12. 12. necessary for a relatively older and sicker PD population. In addition, higher values may be necessary in those eating relatively more protein who may have a metabolic need for relatively higher small solute removal rates. In our unit in the United States, we prescribe target doses that are sufficiently above the minimum threshold levels to help ensure that the minimum level of dialysis dose has been delivered to all patients. We aim for a target Kt/Vurea of 1.8/week. Automated peritoneal dialysis — There are no prospective randomized trials that have looked at relative risk of death in relationship to dose in automated peritoneal dialysis (APD) patients. We agree with the 2006 K/DOQI work group who felt that the higher targets previously recommended are not required with APD. We suggest that the minimal dose of Kt/Vurea should be 1.7/week for those undergoing APD (Grade 2B). However, once the APD patient is anuric or with minimal urine volume, the patient should undergo 24 hours/day of PD to optimize middle molecular weight solute clearance. This is because randomized trials have only evaluated patients undergoing 24 hours/day of PD. (See 'Automated peritoneal dialysis' above.) Calculation of solute clearance — The weekly Kt/Vurea in continuous PD patients can be estimated from the following parameters: the daily peritoneal urea clearance (Kt) is the sum of the product of all drain volumes (peritoneal and residual kidney) and the ratio of the urea concentration in the pooled drained dialysate or urine to that in the plasma (D/P urea). In cases where the patient has significant residual renal function (arbitrarily defined as a residual kidney volume of greater than 100 mL/day), both the peritoneal and the residual renal components of solute clearance are used in the calculation of total solute clearance. (See 'Calculation of solute clearance' above.) Fluid balance — An association between excessive body fluid and enhanced mortality may exist among patients undergoing peritoneal dialysis. Patients with evidence of fluid overload should be evaluated and, if indicated, the peritoneal dialysis prescription changed. Interventions to improve volume status may include: dietary sodium restriction; addition of loop diuretics if the patient has significant residual kidney volume; and/or change in peritoneal prescription with special attention to ultrafiltration profile of the long dwell or consideration of using alternative osmotic agents. (See 'Fluid balance' above.) Use of UpToDate is subject to the Subscription and License Agreement. REFERENCES Chatoth, DK, Golper, TA, Gokal, R. Morbidity and mortality in redefining adequacy of peritoneal dialysis: A step beyond the National Kidney Foundation Dialysis Outcomes Quality Initiative. Am J Kidney Dis 1999; 33:617. 1. U.S. Renal Data System. USRDS 1995 Annual Report: Atlas of End-Stage Renal Disease in the United States, National Institutes of Health, National Institute of Diabetes and Digestive and Kidney Diseases, Bethesda, MD. 2. Frankenfield, DL, Prowant, BF, Flanigan, MJ, et al. Trends in clinical indicators of care for adult peritoneal dialysis patients in the United States from 1995 to 1997. Kidney Int 1999; 55:1998. 3. US Renal Data System, USRDS 1999 Annual Data Report, The National Institutes of Health, National Institute of Diabetes and Digestive and Kidney Disease, Bethesda, MD, August 1999. 4. US Renal Data System, USRDS 2002 Annual Data Report, The National Institutes of Health, National Institute of Diabetes and Digestive and Kidney Disease. Am J Kidney Dis 2003; 5. Adequacy of peritoneal dialysis http://www.uptodate.com/online/content/topic.do?topicKey=dialysis/56... 12 of 20 15-07-2010 01:23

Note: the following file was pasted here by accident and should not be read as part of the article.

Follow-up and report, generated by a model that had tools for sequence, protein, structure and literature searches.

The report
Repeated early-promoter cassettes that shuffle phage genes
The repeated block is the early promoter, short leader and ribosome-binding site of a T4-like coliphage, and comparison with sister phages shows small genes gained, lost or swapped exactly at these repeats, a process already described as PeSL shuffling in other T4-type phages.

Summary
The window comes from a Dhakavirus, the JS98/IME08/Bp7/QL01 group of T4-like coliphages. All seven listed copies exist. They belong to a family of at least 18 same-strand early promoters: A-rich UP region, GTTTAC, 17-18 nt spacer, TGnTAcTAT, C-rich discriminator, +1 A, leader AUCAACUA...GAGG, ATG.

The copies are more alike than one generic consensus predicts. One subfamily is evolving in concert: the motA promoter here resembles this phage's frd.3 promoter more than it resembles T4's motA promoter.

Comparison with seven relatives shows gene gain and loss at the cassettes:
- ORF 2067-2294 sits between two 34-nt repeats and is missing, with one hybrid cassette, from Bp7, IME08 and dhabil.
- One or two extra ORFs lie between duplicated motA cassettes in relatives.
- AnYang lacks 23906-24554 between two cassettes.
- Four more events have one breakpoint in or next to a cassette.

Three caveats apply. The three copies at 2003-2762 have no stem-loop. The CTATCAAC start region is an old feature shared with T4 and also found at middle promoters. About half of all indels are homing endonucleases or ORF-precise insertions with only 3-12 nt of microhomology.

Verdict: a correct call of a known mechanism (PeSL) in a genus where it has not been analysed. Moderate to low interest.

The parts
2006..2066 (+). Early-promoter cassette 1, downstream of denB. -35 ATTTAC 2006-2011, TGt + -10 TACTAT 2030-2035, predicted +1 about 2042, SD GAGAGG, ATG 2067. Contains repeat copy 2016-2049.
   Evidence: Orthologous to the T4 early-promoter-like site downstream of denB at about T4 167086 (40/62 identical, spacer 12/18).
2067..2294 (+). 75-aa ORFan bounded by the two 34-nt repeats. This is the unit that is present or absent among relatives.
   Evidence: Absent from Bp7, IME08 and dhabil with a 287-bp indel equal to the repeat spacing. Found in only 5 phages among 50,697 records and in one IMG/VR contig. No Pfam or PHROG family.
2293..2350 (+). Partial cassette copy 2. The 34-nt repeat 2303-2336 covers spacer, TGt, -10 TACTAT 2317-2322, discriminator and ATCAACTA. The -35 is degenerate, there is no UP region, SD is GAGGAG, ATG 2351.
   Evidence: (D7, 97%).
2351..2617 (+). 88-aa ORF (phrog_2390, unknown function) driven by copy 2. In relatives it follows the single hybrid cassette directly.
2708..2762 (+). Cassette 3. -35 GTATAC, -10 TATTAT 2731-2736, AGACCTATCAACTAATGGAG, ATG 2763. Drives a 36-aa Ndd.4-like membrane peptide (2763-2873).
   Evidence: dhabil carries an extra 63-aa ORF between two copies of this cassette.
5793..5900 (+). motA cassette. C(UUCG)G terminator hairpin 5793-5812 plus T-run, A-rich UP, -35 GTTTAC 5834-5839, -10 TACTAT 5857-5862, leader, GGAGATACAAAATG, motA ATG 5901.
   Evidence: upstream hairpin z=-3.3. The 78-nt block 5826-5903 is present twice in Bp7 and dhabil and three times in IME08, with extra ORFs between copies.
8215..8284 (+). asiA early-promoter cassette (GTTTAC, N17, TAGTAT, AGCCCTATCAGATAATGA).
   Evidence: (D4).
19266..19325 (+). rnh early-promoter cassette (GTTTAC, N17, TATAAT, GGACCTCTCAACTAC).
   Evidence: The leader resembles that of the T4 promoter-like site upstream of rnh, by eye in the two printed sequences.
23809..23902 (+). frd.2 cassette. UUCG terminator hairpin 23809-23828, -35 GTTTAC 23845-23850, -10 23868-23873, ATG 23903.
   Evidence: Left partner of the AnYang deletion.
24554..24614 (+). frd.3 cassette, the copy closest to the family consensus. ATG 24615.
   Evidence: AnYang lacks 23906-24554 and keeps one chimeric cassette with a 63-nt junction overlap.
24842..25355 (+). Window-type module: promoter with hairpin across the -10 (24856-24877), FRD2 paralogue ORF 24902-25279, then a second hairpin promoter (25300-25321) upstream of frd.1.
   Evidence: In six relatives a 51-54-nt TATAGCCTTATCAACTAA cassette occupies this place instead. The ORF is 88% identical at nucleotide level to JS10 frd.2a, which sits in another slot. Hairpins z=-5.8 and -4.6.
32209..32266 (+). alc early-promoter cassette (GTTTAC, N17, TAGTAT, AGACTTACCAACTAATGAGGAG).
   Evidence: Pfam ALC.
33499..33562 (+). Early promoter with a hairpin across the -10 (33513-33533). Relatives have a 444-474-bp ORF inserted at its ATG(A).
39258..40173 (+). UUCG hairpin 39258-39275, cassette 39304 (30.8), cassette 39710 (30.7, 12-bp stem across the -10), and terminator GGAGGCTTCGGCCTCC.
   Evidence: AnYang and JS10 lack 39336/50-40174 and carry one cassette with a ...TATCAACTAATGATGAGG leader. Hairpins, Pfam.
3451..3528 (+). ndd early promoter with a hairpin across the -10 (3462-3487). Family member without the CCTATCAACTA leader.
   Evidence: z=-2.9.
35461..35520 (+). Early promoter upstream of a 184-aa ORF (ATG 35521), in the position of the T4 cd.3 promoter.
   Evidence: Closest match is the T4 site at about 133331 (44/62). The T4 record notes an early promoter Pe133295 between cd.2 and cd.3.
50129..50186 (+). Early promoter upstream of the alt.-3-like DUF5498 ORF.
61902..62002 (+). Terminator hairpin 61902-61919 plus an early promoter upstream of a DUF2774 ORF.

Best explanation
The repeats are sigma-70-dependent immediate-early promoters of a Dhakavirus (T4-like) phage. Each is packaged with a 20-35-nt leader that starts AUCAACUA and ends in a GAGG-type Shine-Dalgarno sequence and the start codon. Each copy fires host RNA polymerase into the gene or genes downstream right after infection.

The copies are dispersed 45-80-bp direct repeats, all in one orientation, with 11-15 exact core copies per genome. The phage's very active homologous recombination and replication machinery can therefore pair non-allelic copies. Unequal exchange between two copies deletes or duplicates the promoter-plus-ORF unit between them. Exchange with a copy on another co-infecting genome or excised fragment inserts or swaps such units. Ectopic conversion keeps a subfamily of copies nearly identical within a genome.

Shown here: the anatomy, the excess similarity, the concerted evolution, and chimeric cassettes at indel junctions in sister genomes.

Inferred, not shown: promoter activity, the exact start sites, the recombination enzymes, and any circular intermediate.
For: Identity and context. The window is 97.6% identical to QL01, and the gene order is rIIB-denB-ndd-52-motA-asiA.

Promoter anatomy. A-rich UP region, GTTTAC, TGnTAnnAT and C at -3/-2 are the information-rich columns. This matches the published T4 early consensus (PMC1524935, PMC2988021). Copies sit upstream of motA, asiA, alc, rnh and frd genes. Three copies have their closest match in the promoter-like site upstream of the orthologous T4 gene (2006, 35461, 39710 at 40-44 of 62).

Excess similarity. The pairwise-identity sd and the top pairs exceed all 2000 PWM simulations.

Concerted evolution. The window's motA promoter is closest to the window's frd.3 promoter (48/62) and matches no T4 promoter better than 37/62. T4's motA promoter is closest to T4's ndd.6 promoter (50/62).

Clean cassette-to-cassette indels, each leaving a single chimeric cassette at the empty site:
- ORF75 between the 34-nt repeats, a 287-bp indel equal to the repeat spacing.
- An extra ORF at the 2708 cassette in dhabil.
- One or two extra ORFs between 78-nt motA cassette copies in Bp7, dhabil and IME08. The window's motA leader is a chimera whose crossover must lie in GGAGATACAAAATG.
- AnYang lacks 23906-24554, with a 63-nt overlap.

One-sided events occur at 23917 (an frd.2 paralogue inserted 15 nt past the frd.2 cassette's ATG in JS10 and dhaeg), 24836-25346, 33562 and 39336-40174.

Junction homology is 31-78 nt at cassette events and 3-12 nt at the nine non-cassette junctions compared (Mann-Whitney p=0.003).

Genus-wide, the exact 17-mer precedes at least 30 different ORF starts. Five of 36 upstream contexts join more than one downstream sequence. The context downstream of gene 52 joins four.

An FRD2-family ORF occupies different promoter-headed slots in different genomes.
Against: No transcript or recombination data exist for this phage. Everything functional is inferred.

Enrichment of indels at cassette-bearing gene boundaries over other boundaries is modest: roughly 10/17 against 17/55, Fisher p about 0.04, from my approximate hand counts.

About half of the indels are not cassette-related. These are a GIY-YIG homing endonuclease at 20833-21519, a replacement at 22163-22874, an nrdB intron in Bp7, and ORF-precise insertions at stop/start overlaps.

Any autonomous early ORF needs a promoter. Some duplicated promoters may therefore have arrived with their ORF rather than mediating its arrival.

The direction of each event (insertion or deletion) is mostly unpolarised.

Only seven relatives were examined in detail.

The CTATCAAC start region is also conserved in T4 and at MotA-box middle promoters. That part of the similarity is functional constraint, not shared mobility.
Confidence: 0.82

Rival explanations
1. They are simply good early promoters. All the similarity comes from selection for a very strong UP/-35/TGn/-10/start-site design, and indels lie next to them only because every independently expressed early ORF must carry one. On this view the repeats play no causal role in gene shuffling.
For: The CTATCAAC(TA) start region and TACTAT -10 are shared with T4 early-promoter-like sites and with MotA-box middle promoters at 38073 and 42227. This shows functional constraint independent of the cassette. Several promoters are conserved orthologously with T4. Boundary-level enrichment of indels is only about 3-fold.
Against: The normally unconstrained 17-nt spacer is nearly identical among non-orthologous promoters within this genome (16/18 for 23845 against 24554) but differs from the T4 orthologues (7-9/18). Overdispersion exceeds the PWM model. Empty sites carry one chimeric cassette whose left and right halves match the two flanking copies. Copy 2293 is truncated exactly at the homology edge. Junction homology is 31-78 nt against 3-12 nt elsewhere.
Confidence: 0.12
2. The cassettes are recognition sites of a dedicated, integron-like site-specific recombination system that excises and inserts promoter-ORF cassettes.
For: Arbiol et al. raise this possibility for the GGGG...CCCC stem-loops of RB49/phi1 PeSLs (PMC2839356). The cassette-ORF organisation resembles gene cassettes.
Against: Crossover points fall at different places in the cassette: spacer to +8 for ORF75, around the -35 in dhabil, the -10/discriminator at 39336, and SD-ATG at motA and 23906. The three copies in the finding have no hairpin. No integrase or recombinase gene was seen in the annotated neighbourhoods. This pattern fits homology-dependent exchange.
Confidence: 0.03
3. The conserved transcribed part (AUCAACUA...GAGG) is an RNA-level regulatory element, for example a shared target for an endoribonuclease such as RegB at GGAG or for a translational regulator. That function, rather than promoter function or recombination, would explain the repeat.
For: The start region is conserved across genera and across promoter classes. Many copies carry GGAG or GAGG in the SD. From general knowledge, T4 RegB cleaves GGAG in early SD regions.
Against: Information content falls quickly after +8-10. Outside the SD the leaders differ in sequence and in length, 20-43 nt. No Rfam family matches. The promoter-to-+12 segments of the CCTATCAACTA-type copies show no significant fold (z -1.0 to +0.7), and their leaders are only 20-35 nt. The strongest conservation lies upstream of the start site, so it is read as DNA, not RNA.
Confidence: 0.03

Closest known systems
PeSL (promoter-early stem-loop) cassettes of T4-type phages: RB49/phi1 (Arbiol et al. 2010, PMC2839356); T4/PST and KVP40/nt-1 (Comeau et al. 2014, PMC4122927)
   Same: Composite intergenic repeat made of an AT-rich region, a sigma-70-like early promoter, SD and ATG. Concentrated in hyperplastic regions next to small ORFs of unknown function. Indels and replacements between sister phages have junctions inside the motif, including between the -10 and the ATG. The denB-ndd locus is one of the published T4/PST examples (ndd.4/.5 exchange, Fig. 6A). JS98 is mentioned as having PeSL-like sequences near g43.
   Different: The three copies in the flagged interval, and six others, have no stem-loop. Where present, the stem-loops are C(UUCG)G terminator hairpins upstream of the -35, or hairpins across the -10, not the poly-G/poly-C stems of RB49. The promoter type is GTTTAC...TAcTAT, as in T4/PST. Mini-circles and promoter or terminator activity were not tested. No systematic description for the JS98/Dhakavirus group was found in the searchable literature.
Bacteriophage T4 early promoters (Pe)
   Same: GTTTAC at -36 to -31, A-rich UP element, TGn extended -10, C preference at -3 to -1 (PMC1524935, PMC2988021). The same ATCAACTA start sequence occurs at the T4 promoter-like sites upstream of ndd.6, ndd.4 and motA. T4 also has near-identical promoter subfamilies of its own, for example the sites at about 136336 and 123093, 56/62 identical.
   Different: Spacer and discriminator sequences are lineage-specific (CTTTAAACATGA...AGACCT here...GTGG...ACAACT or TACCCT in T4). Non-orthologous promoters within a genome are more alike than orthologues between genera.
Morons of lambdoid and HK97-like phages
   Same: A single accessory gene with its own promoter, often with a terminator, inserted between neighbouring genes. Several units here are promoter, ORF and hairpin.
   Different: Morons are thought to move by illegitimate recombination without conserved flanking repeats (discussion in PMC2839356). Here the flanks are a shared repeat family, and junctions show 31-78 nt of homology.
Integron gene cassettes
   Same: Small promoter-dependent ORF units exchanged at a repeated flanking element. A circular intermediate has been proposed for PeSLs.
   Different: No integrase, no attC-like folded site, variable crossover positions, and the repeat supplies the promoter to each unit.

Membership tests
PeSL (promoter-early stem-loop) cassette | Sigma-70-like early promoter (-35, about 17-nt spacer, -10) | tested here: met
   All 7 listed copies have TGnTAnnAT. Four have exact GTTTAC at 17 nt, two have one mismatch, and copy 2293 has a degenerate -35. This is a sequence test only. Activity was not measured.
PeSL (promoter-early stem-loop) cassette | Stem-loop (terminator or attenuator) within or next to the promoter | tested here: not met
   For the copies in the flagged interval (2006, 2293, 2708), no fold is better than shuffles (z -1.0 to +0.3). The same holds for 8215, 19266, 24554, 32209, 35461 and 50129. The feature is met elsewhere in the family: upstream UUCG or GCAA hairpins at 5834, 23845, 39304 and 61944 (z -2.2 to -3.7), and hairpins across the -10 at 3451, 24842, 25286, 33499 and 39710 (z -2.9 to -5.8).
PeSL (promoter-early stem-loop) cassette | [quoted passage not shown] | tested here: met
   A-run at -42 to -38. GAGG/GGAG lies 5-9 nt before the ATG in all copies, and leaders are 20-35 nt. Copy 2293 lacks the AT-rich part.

13. 13. 41(Suppl 2):S91. US Renal Data System, USRDS 2009 Annual Data Report, The National Institutes of Health, National Institute of Diabetes and Digestive and Kidney Disease. Am J Kidney Dis 2010; 55(Suppl 1):S1. 6. Gokal, R, Jakubowski, C, King, J, et al. Outcome in patients on CAPD and hemodialysis: 4-year analysis of a prospective multicentre study. Lancet 1987; 2:1105. 7. Oreopoulos, DG. The optimization of continuous ambulatory peritoneal dialysis. Kidney Int 1999; 55:1131. 8. Rottembourg, J. Residual renal function and recovery of renal function in patients treated by CAPD. Kidney Int Suppl 1993; 40:S106. 9. Blake, PG. What is the problem with high transporters? Perit Dial Int 1997; 17:317.10. Coles, GA. Have we underestimated the importance of fluid balance for the survival of PD patients? Perit Dial Int 1997; 17:321. 11. Brown, EA, Davies, SJ, Ritherford, P, et al: Survival of functionally anuric patients on automated peritoneal dialysis. The European APD outcome study. J Am Soc Nephrol 2003; 14:2948. 12. Oreopoulos, DG. Criteria for adequacy of peritoneal dialysis. Perit Dial Bull 1983; 3:1.13. Teehan, BP, Schleifer, CR, Brown, J. Adequacy of continuous ambulatory peritoneal dialysis: Morbidity and mortality in chronic peritoneal dialysis. Am J Kidney Dis 1994; 24:990. 14. Keshaviah, P. Urea kinetic and middle molecule approaches to assessing the adequacy of hemodialysis and peritoneal dialysis. Kidney Int Suppl 1993; 40:S28. 15. Nolph, KD. Quantitating peritoneal dialysis delivery: A required standard of care. Semin Dial 1991; 4:139. 16. Adequacy of dialysis and nutrition in continuous peritoneal dialysis: association with clinical outcomes. Canada-USA (CANUSA) Peritoneal Dialysis Study Group. J Am Soc Nephrol 1996; 7:198. 17. Bargman, JM, Thorpe, KE, Churchill, DN. Relative contribution of residual renal function and peritoneal clearance to adequacy of dialysis: A reanalysis of the CANUSA study. J Am Soc Nephrol 2001; 12:2158. 18. Diaz-Buxo, JA, Lowrie, EG, Lew, NL, et al. Associates of mortality among peritoneal dialysis patients with special reference to peritoneal transport rates and solute clearance. Am J Kidney Dis 1999; 33:523. 19. Termorshuizen, F, Korevaar, JC, Dekker, FW, Van Manen, JG. The relative importance of residual renal function compared with peritoneal clearance for patient survival and quality of life: An analysis of the netherlands cooperative study on the adequacy of dialysis (Necosad)-2. Am J Kidney Dis 2003; 41:1293. 20. Paniagua, R, Amato, D, Vonesh, E, et al. Effects of increased peritoneal clearances on mortality rates in peritoneal dialysis: ADEMEX, a prospective, randomized, controlled trial. J Am Soc Nephrol 2002; 13:1307. 21. Paniagua, R, Amato, D, Vonesh, E, et al. Health related quality of life predicts outcome but is not affected by peritoneal clearance: The ADEMEX trial. Kidney Int 2005; 67:1093. 22. Lo, WK, Ho, YW, Li, CS, et al. Effect of Kt/V on survival and clinical outcome in CAPD patients in a randomized prospective study. Kidney Int 2003; 64:649. 23. Szeto, CC, Wong, TY, Chow, KM, et al. Independent effects of renal and peritoneal clearances on the mortality of peritoneal dialysis patients. Perit Dial Int 2004; 24:58. 24. Lo, WK, Lui, SL, Chan, TM, et al. Minimal and optimal peritoneal Kt/V targets: results of an anuric peritoneal dialysis patient's survival analysis. Kidney Int 2005; 67:2032. 25. Jansen, MA, Termorshuizen, F, Korevaar, JC, et al. Predictors of survival in anuric peritoneal dialysis patients. Kidney Int 2005; 68:1199. 26. Lam, MF, Tang, C, Wong, AK, et al. ASPD: A prospective study of adequacy in Asian patients on27. Adequacy of peritoneal dialysis http://www.uptodate.com/online/content/topic.do?topicKey=dialysis/56... 13 of 20 15-07-2010 01:23